• Scott from Palm Desert, CaIt is a shame drugs destroyed his life because he was one of the most talented muscians.
  • Kevin from Brooklyn, NdTo me this song is the greatest song ever written.It speaks loudly and true to form about what goes on within every family.No one can't say that there isn't a child who 'loves to learn'and also a child you'd 'love to burn'in your family.This man knew how to write songs as every song he wrote we found ourselves shaking our heads in agreement with the things his lyrics stated.The man wrote'killer' hooks and in my opinion he is one of the greatest singer/songwriters of all time.


    he said in his songs.
  • Guy from Woodinville, Wa"Newly wed a year ago, just still checkin' each other out, hey. Nobody wants to blow. Nobody wants to be left out." Gee. I wonder what that's about!
see more comments

Editor's Picks

Have Mercy! It's Wolfman Jack

Have Mercy! It's Wolfman JackSong Writing

The story of the legendary lupine DJ through the songs he inspired.

Danny Clinch: The Art of Rock Photography

Danny Clinch: The Art of Rock PhotographySong Writing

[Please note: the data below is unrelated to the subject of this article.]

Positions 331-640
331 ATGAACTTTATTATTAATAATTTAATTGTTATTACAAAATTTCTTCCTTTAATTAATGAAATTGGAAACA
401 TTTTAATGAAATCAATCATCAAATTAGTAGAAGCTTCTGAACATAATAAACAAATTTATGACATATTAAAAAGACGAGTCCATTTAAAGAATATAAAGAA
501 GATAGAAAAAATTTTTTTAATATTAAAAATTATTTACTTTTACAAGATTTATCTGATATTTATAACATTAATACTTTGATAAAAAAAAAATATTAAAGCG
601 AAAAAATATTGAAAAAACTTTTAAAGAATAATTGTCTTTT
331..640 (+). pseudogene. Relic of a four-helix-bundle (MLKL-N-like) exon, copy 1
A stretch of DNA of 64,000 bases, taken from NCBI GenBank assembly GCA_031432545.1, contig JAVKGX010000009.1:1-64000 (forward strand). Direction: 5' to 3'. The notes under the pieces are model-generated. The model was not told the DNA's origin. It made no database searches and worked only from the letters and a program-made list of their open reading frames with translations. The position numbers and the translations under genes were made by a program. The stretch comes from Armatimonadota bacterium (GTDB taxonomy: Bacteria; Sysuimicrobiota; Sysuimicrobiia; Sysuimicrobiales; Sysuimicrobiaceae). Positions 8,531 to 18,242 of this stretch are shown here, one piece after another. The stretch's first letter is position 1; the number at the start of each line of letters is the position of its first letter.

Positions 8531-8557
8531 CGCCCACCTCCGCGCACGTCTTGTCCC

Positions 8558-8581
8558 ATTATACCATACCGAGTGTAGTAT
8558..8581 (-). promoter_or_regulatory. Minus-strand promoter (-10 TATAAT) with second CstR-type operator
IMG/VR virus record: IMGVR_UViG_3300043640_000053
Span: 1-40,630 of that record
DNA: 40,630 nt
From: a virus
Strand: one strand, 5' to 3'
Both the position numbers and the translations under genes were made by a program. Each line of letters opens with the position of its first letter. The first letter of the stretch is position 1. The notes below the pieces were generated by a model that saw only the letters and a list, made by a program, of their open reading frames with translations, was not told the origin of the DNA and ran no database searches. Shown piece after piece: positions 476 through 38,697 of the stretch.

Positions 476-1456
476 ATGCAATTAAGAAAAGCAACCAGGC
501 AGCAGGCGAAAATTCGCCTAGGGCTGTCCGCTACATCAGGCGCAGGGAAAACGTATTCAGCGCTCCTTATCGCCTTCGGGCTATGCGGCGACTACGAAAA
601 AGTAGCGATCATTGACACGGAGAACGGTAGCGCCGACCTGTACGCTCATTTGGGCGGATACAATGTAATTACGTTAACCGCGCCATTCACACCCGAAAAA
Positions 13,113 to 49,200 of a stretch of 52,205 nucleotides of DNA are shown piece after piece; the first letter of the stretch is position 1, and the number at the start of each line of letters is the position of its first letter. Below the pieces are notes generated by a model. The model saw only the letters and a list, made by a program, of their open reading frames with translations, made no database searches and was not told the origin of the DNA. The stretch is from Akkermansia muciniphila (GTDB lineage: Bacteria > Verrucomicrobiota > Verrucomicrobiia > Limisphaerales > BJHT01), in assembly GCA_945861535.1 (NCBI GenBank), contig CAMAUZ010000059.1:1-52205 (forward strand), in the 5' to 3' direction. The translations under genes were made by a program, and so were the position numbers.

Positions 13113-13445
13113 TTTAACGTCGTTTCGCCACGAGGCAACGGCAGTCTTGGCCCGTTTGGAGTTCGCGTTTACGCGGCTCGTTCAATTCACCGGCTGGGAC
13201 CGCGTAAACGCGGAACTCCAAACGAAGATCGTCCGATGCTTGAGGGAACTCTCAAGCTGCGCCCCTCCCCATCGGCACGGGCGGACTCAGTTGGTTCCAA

One of rock's top photographers talks about artistry in photography, raising funds for a documentary, and enjoying a County Fair with Tom Waits.

dUg Pinnick of King's X

dUg Pinnick of King's XSongwriter Interviews

dUg dIgs into his King's X metal classics and his many side projects, including the one with Jeff Ament of Pearl Jam.

Susanna Hoffs - "Eternal Flame"

Susanna Hoffs - "Eternal Flame"They're Playing My Song

The Prince-penned "Manic Monday" was the first song The Bangles heard coming from a car radio, but "Eternal Flame" is closest to Susanna's heart, perhaps because she sang it in "various states of undress."

Jack Blades of Night Ranger and Damn Yankees

Jack Blades of Night Ranger and Damn YankeesSongwriter Interviews

Revisit the awesome glory of Night Ranger and Damn Yankees: cheesily-acted videos, catchy guitar licks, long hair, and lyrics that are just plain relatable.

Lajon Witherspoon of Sevendust

Lajon Witherspoon of SevendustSongwriter Interviews

The Sevendust frontman talks about the group's songwriting process, and how trips to the Murder Bar helped forge their latest album.